Chicago's theatre community spawned modern improvisational theatre. Two renowned comedy troupes emerged—The Second City and I.O. (formerly known as ImprovOlympic). Renowned Chicago theater companies include the Steppenwolf Theatre Company (on the city's north side), the Goodman Theatre, and the Victory Gardens Theater. Chicago offers Broadway-style entertainment at theaters such as Ford Center for the Performing Arts Oriental Theatre, Bank of America Theatre,Cadillac Palace Theatre, Auditorium Building of Roosevelt University, and Drury Lane Theatre Water Tower Place. Polish language productions for Chicago's large Polish speaking population can be seen at the historic Gateway Theatre in Jefferson Park. Since 1968, the Joseph Jefferson Awards are given annually to acknowledge excellence in theater in the Chicago area.
Classical music offerings include the Chicago Symphony Orchestra, recognized as one of the finest orchestras in the world, which performs at Symphony Center. Also performing regularly at Symphony Center is the Chicago Sinfonietta, a more diverse and multicultural counterpart to the CSO. In the summer, many outdoor concerts are given in Grant Park and Millennium Park. Ravinia Park, located 25 miles (40 km) north of Chicago, is also a favorite destination for many Chicagoans, with performances occasionally given in Chicago locations such as the Harris Theater. The Civic Opera House is home to the Lyric Opera of Chicago. The Lithuanian Opera Company of Chicago was founded by Lithuanian Chicagoans in 1956, and presents operas in Lithuanian. It celebrated fifty years of existence in 2006, and operates as a not-for-profit organization. It is noteworthy for performing the rarely staged Rossini's William Tell (1986) and Ponchielli's I Lituani (1981, 1983 and 1991), and also for contributing experienced chorus members to the Lyric Opera of Chicago. The opera Jūratė and Kastytis by Kazimieras Viktoras Banaitis was presented in Chicago in 1996.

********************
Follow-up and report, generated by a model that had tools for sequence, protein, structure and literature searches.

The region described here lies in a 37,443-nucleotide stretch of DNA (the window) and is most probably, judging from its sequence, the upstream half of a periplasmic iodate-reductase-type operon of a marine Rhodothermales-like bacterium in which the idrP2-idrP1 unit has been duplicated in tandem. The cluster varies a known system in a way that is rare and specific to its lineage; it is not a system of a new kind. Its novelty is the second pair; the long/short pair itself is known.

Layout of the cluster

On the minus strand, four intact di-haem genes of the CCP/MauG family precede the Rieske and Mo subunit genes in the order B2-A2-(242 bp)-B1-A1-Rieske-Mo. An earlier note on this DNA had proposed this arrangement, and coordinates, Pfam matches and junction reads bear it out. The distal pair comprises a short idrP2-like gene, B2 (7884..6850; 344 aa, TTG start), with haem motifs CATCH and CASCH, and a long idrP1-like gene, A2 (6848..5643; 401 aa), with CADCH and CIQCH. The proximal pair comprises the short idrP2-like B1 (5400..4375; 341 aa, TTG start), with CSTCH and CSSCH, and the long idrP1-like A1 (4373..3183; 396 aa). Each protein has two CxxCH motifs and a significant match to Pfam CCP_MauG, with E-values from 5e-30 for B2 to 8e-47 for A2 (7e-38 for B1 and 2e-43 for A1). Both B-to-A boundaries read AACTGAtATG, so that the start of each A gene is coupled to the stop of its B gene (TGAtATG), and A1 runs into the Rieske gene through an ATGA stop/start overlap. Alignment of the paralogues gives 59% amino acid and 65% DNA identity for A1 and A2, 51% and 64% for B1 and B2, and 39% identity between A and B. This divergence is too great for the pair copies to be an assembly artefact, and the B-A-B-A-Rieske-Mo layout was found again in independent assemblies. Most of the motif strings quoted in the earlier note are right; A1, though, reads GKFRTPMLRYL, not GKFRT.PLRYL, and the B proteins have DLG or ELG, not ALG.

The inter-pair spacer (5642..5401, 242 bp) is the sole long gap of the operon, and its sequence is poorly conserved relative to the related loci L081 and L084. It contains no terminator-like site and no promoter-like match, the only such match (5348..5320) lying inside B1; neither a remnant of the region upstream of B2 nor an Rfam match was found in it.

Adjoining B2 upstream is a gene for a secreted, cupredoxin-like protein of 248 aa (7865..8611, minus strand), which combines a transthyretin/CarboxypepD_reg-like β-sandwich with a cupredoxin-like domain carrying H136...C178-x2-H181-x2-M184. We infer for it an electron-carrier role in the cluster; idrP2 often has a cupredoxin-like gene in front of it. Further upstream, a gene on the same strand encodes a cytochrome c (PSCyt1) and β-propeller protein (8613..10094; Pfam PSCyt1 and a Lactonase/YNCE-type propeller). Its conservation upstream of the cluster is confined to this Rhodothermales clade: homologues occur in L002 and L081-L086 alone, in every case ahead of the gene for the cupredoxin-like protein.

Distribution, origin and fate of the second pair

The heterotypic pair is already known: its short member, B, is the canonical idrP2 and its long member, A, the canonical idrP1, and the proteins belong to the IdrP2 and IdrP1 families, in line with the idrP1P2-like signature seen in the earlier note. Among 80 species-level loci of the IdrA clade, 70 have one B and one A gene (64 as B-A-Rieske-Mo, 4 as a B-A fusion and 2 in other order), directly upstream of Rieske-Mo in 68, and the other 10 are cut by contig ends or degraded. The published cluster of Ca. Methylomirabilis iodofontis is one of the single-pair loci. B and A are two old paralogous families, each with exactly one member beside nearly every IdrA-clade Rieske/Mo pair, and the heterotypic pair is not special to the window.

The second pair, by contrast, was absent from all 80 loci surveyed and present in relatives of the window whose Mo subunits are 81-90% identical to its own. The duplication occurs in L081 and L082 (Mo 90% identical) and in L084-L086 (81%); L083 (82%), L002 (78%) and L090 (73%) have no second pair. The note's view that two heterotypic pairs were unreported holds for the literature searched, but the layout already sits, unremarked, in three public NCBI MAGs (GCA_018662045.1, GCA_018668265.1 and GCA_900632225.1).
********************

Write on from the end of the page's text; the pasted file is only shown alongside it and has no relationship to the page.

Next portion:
The Joffrey Ballet and Chicago Festival Ballet perform in various venues, including the Harris Theater in Millennium Park. Chicago is home to several other modern and jazz dance troupes, such as the Hubbard Street Dance Chicago.
Other live music genre which are part of the city's cultural heritage include Chicago blues, Chicago soul, jazz, and gospel. The city is the birthplace of house music and is the site of an influential hip-hop scene. In the 1980s, the city was a center for industrial, punk and new wave. This influence continued into the alternative rock of the 1990s. The city has been an epicenter for rave culture since the 1980s. A flourishing independent rock music culture brought forth Chicago indie. Annual festivals feature various acts such as Lollapalooza, the Intonation Music Festival and Pitchfork Music Festival.
Chicago has a distinctive fine art tradition. For much of the twentieth century it nurtured a strong style of figurative surrealism, as in the works of Ivan Albright and Ed Paschke. In 1968 and 1969, members of the Chicago Imagists, such as Roger Brown, Leon Golub, Robert Lostutter, Jim Nutt, and Barbara Rossi produced bizarre representational paintings. Today Robert Guinan paints gritty realistic portraits of Chicago people which are popular in Paris, although he is little known in Chicago itself.
Chicago is home to a number of large, outdoor works by well known artists. These include the Chicago Picasso, Miró's Chicago, Flamingo and Flying Dragon by Alexander Calder, Monument with Standing Beast byJean Dubuffet, Batcolumn by Claes Oldenburg, Cloud Gate by Anish Kapoor, Crown Fountain by Jaume Plensa, and the Four Seasons mosaic by Marc Chagall.